Wednesday, October 27, 2010
Ask Your Doctor
Does anybody still watch the network news programs? If you do, you might get the impression that the news is making us sick. Of the 30 minutes allotted to the evening newscasts, only about 20 minutes is actually used to tell us what’s going on in the world. The rest is commercials, and almost half of them are for medicines or dietary supplements.
Look at the list of advertisers for this Monday’s CBS Evening News:
Lipitor (prescription cholesterol drug)
Prevacid (prescription acid reducer)
Vesicare (prescription drug for overactive bladder)
Zegerid (prescription heartburn drug)
Discover Credit Card
Boost (nutritional drink)
a negative political ad
Enbrel (prescription drug for rheumatoid arthritis)
Phillips colon health
Early Show promo
That’s 18 commercials in a 30 minute broadcast. No wonder you were left with the feeling that you really didn’t get much news. Instead you were invited to try some of Campbell’s ridiculously over-salted soup after which you had a choice of anti-acid treatments. If the negative political ads are giving you a headache, down some Alka-Seltzer. You could rent Toy Story and take some Vesicare to sit through all 90 minutes without wetting your pants. Chug a little Boost to make up for what the soup lacked and follow it up with some Phillips colon health in lieu of vegetables. Don’t forget the Lipitor to wash away the cholesterol. And if sitting around all day watching TV and taking drugs has left your joints stiff, ask your doctor if Enbrel is right for you.
Apparently the folks who watch ABC News are a little healthier. Only one third of their 19 commercials were for medicines or nutritional supplements. On the other hand, the ABC viewers must be plagued by mice. They received not one, but two, ads for Ortho mouse traps. They also had that alleged eye doctor, the one whose glow-in-the-dark contact lens make her look like an alien, pushing prescription eye drops.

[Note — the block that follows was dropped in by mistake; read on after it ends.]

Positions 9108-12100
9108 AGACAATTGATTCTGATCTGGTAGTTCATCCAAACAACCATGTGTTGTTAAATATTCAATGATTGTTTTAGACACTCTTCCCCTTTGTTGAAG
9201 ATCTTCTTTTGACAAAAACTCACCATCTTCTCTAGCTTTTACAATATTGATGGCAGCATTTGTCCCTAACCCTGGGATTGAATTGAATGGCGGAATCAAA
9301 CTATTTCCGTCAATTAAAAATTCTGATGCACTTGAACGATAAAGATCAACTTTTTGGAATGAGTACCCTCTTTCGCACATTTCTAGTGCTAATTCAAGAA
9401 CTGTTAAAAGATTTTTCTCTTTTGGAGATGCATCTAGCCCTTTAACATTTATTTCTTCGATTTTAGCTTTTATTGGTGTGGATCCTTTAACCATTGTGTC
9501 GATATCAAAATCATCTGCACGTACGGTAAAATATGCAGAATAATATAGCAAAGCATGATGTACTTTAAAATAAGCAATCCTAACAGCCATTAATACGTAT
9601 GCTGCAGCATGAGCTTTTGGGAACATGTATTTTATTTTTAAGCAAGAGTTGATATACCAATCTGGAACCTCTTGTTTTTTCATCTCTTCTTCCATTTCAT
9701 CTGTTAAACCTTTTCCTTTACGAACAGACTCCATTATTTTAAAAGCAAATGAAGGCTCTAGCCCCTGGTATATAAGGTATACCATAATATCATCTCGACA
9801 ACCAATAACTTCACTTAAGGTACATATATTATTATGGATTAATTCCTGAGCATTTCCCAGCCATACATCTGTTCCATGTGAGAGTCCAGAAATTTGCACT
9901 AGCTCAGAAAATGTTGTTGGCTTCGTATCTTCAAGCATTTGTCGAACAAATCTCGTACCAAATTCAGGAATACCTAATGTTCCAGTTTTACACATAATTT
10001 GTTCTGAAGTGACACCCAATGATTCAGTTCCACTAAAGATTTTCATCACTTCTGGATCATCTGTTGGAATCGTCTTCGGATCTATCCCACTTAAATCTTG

Some advertisers take no chances; they flog their pills on all three networks. Prevacid, for example. The prescription medicine ads are strange. While we see active, healthy people enjoying a happy family life, we hear warnings about all the horrendous things that might happen if you take the pills. Stop taking this stuff if you have sudden changes of vision, rapid pulse and sweating, confusion, depression, thoughts of suicide. Don’t drive or operate machinery. Sometimes this medication can result in death. Call your doctor immediately if this happens to you.
The newest drug ads don’t even tell you the name of the product. They just list some symptoms which most people experience from time to time – low energy, loss of interest in activities you used to enjoy, decreased sexual performance, etc. Then they give you a website to visit. In this case it’s “Is it Low-T” .com. Even the web site is secretive about who is sponsoring the campaign. You have to read the fine print in the privacy statement to discover that it is Slovay Pharmaceuticals, a division of an international chemical group which is now part of Abbott Labs. The product is most likely Androgel, a topical gel used to boost testosterone in men.
Another such ad urged viewers to go to afibstroke.com (good luck remembering that one) to learn more about the connection between heart disease and stroke. No product or sponsor is mentioned. At least this website does have the logo of the corporate sponsor, Boehringer-Ingelheim, another multi-national conglomerate which, in addition to vaccines for horses, cattle, and pigs, makes Pradax which is supposed to help prevent strokes, presumably in people.
Most of the pharmaceutical ads end by telling you to ask your doctor if the product is right for you. Some of the web sites are even more helpful – they list discussion points you should use when you talk to your doctor. Imagine if you actually followed this advice. From just one week of watching the nightly news you could be armed with a list of dozens of drugs and the rationale as to why you need each. Any reasonably compliant doctor should give you an entire pad filled with new prescriptions.
But after a week’s worth of watching the news, you still wouldn’t know much about what’s happening in the world.